Microsoft released the highly anticipated Windows 8 OS last week, and the media has been buzzing about its touch-based system and new features.
Although Windows 8 is an improvement from its predecessor, the new OS still contains vulnerabilities. Some are well documented, while others have yet to be found. For complete security and consumer peace of mind, below are 8 facts about Windows 8 you should know to make sure you’re protected.
1. Scammers Take Advantage of Windows 8 Excitement
There’s no such thing as a free lunch. If you’re shopping around for Windows 8, don’t fall for scams that offer free versions or deep discounts. Scammers historically exploit consumer news to find victims online, and Windows 8 is no exception.
It might be tempting to click that link offering a free copy of the OS, but always remember that there could be viruses or other malware waiting on the other side. The sites themselves could also be fraudulent, looking to steal personal information such as your credit card number.
2. Secure Boot is an Improvement with Limits
Windows 8’s new Secure Boot feature only allows pre-approved applications to load during startup. This means the only applications that load are ones you have authorized.
However, Secure Boot has its limitations. It essentially locks down devices to prevent users from running non-Windows systems, open source software (like free programs), or applications not created by Microsoft or a validated third party.
3. Running Non-Microsoft Applications? You’re at Risk.
One of the most popular antics of hackers today is to target applications that run on multiple devices such as Adobe Acrobat Reader or Java. This makes sense, because if someone is going to write malware, then why not get the most bang for the buck by having it run on PCs, Macs, smartphones and tablets.
4. Dangerous Download Warnings Don’t Promise Protection
SmartScreen works for all browsers on Windows 8, automatically checking downloads from the Internet to see if the file or program is known to be malicious. Part of this check includes download history as well as the popularity and reputation of the file. If the download receives a low rating, SmartScreen offers a warning message to users.
While the feature is helpful, the fact that it’s available doesn’t mean users will heed its warning. SmartScreen becomes ineffective if the user decides to override the system and download the suspicious file anyway. It’s also important to note that SmartScreen only applies to the reputation of the file or website. It does not extend to unique phishing scams on social networks such as Facebook. This is crucial to understand, as McAfee has seen a dramatic increase in hackers using social media to spread malicious materials.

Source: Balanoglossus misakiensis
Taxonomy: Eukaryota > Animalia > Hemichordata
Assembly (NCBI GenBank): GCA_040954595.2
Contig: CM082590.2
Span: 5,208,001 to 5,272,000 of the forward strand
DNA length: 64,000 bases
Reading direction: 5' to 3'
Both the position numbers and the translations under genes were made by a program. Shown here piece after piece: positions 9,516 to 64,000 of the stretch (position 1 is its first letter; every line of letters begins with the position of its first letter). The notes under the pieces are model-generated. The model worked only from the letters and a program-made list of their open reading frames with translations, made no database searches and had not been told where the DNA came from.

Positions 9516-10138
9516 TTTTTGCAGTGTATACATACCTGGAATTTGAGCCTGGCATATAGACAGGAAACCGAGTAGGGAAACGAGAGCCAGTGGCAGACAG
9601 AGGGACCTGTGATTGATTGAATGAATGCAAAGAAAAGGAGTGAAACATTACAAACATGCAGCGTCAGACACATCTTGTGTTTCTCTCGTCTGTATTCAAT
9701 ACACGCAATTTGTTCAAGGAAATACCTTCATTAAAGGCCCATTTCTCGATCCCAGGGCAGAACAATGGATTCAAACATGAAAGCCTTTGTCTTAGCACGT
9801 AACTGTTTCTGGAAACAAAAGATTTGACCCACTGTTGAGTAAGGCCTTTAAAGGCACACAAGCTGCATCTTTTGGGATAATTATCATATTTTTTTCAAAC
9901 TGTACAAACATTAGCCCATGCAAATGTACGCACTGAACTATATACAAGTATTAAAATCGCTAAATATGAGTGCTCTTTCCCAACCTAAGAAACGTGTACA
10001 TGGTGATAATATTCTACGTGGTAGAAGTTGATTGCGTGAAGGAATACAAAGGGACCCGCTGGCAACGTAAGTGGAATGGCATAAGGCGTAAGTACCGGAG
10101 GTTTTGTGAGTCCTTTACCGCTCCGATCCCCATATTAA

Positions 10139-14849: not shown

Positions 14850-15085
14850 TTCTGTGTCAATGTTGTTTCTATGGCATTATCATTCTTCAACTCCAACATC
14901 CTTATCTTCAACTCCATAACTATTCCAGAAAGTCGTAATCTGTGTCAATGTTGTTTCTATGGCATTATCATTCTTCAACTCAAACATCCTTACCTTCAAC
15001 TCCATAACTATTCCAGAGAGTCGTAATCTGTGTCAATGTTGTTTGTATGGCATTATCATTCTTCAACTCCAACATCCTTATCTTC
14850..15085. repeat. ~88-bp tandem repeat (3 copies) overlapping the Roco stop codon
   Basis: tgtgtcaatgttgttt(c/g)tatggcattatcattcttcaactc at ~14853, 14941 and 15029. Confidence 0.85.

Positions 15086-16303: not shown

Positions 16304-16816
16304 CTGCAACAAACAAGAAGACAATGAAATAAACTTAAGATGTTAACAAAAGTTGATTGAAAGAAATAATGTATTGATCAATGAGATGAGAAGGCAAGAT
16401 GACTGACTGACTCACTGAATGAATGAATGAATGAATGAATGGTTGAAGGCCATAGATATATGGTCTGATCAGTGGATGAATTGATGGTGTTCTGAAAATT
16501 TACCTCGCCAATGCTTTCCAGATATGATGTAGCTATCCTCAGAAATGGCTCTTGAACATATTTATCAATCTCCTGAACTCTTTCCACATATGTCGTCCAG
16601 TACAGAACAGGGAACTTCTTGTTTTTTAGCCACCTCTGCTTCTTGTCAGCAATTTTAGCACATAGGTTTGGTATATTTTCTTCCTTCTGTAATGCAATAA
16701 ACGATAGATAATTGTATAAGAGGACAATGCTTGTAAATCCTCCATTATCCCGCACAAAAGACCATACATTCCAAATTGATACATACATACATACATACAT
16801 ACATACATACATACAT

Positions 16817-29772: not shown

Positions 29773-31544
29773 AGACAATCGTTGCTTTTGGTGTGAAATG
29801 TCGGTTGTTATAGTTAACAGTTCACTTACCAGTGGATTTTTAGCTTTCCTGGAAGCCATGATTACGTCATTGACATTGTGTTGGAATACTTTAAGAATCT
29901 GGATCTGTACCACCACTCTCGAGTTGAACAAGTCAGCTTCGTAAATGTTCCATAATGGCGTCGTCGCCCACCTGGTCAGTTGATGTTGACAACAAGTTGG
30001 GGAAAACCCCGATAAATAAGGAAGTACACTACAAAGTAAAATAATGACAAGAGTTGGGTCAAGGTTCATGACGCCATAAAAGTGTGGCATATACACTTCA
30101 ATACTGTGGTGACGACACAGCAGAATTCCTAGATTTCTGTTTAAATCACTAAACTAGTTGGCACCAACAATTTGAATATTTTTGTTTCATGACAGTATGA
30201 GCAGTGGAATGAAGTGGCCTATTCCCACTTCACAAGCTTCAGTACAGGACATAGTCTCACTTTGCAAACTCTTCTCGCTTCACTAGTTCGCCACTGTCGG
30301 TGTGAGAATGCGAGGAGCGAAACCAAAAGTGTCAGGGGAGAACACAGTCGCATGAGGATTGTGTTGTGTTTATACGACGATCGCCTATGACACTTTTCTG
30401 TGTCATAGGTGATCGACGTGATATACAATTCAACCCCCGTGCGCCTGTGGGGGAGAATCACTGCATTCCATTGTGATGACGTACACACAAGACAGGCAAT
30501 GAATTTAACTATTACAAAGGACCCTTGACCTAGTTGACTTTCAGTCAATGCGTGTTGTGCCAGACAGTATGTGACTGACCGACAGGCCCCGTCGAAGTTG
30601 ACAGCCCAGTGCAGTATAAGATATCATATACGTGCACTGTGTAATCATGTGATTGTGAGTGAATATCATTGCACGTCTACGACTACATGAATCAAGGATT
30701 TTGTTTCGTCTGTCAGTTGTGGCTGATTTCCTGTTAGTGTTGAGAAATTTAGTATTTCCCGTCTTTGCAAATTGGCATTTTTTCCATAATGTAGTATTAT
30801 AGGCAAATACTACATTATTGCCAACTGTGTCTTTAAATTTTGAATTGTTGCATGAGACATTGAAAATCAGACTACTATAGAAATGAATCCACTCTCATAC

5. Picture Password is Fun, But is it Secure?
One of the many touch-based features, Picture Password is a new security login option where users choose a picture and set a three-gesture “password” sequence.
Although fun and easy to remember, anyone looking over your shoulder could log into your system.
6. Windows App Store Screens for Security
With all of the apps out there today, it can be hard to figure out which ones are safe to use. Hackers know what Microsoft looks for in Windows App Store applications and it won’t be long before they circumvent their controls with malicious code or other ways use those apps to scam users.
7. Security with Internet Explorer 10
Internet Explorer 10 is Microsoft’s safest browser yet. However, if you’re like most people and prefer an alterative browser such as Google Chrome or Mozilla Firefox, you’re out of luck. MS does not extend any security capabilities to those browsers.
In addition, no matter how secure IE 10 ranks, there will always be vulnerabilities and patches Microsoft needs to address.
8. Windows 8 Continues to be in the Crosshairs of Malware Writers
Even with all the advancements in security that Microsoft made in Windows 8, they are still – by far – the most targeted company by malware writers. The reason for this is simple: They have the most systems out there, and hackers always try to exploit vendors fortunate enough to have the bulk of computing devices using their operating system. As a word of caution, Android is experiencing this today as well.
With Windows 8, Microsoft requires that every system have anti-virus software installed and operational. We applaud that requirement, but what’s important is that you choose a security provider with a proven track record of delivering highly effective protection against evolving threats, and whose software offers security attributes beyond basic anti-virus protection.
Whether you’re considering an upgrade, researching your options, or already using Windows 8 – remember that even with security improvements, it’s still essential to have a dependable security solution to protect legacy applications. McAfee’s security solutions are compatible with all versions of Windows (including Windows 8) and with our wide range of products, you’re bound to find one for your needs. For more security news and updates, follow us on Twitter @McAfee and @McAfeeConsumer.